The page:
eesa01 textbook notes

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Department
Environmental Science
Course
EESA01H3
Professor
Carl Mitchell
Semester
Fall

Description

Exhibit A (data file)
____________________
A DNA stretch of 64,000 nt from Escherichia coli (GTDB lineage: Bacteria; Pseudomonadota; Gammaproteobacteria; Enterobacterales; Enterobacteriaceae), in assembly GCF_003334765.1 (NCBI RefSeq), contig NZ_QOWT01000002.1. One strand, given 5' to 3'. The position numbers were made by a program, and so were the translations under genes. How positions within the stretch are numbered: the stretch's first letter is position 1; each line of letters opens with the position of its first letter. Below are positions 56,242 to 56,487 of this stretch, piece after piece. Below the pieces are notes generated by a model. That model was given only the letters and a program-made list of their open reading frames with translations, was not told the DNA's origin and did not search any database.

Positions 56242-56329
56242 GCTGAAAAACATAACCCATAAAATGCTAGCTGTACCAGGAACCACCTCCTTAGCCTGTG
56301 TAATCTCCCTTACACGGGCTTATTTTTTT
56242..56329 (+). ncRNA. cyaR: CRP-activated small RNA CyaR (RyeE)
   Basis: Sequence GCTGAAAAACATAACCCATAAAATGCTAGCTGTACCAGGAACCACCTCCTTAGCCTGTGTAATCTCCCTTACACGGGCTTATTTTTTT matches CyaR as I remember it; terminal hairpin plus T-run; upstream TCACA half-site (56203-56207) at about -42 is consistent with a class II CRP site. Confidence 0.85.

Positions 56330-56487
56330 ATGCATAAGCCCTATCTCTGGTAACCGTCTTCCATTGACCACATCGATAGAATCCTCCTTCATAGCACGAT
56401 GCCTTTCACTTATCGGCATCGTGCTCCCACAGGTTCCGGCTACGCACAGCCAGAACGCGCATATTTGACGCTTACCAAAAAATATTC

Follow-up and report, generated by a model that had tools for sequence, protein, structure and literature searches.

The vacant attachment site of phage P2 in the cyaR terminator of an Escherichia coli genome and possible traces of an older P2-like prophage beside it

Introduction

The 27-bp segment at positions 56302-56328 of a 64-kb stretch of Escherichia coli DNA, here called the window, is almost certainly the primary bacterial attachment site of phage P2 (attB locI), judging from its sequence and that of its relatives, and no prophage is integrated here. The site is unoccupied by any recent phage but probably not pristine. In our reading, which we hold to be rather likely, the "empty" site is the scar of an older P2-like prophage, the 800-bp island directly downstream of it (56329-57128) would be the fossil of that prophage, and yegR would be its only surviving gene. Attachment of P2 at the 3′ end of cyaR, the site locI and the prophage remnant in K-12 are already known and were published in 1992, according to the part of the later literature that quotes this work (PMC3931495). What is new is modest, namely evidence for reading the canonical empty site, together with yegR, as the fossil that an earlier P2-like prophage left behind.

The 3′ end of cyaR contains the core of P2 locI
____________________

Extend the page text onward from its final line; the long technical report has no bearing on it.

Earths Environmental SystemsOur planets environment consists of complex networks of interlinked systemsEarth uses cycles that shape the landscapes around us and guide the flow of key chemical elements and compounds that support life and regulate climate Systems show several defining propertiesSystem is a network of relationships among parts elements or components that interact with and influence one another through the exchange of energy matter or informationOpen Systems are systems that receive input of both energy and matter and produce outputs of bothClosed Systems receive inputs and produce outputs of energy but not matterin nature no system is perfectly closedEnergy inputs to the earths environmental systems includeSolar radiationHeat released by geothermal activityOrganismal metabolismHuman activities eg Fossil fuel combustionInformation energy can come in the form of sensory cues fromvisual signsOlfactory chemical signsMagnetic signsThermal signsInputs of matter occur when chemicals or physical material moves among systemsEg Seeds being dispered long distancesMigratory animals deposit waste far from where they consumed foodEg Gulf of St Lawrence receives inputs from the St Lawrence fishers harvest some of the systems output matter and energy in the form of fish and planktonOutput becomes input to the human economic system and to the digestive systems of the people who consumer seafood from the St LawrenceSometimes a systems output can serve as input to that same systemThis is a circular process known as feedback loopCan be positive or negativeIn a negative feedback loop output that results from a system moving in one direction acts as input that moves the system in the other direction Input and output essentially neutralize each otherEG Thermostat working to stabilize rooms temperatureEG Our bodies when we get too hot our sweat glands pumpe out moisture that evaporates to cool us downMost systems in nature involve negative feedback loopsPositive feedback loops have the opposite effect rather than stabilizing a system they drive it further toward one extreme or anothereg Populations growth the more people who are born the more there are to give birth to further people increased output leads to increased input leading to further increased outputPositive feedback loops are rare in nature common in natural systems altered by human impactSystem is constantly active as input and outputs occur simultaneouslyWhen processes within a system move in opposite directions at equivalent rates so that their effects balance out is called dynamic equilibriumDynamic because even though the state is balance it is everchangingHomeostasis is the tendency of a system to maintain constant or stable internal conditionsHomeostatic systems are often said to be in a stable or steady stateEarth is a homeostatic systemResistance refers to the strength of a systems tendency to remain constantResilience is a measure of how readily the system will return to its original state once its been disturbed It is difficult to understand systems fully by focusing on their individual components because systems can show emergent propertiesCharacteristics not evident in the components aloneIt is like saying the whole is more than the sum of its partsIf you had a tree in its components parts leaves branches you wouldnt be able to predict the whole trees emergent properties which include the role the tree plays as a habitat for birds etc You could analyze the trees chloroplasts but still be unable to understand the tree as habitatSystems have well defined boundariesComputerdesktop example
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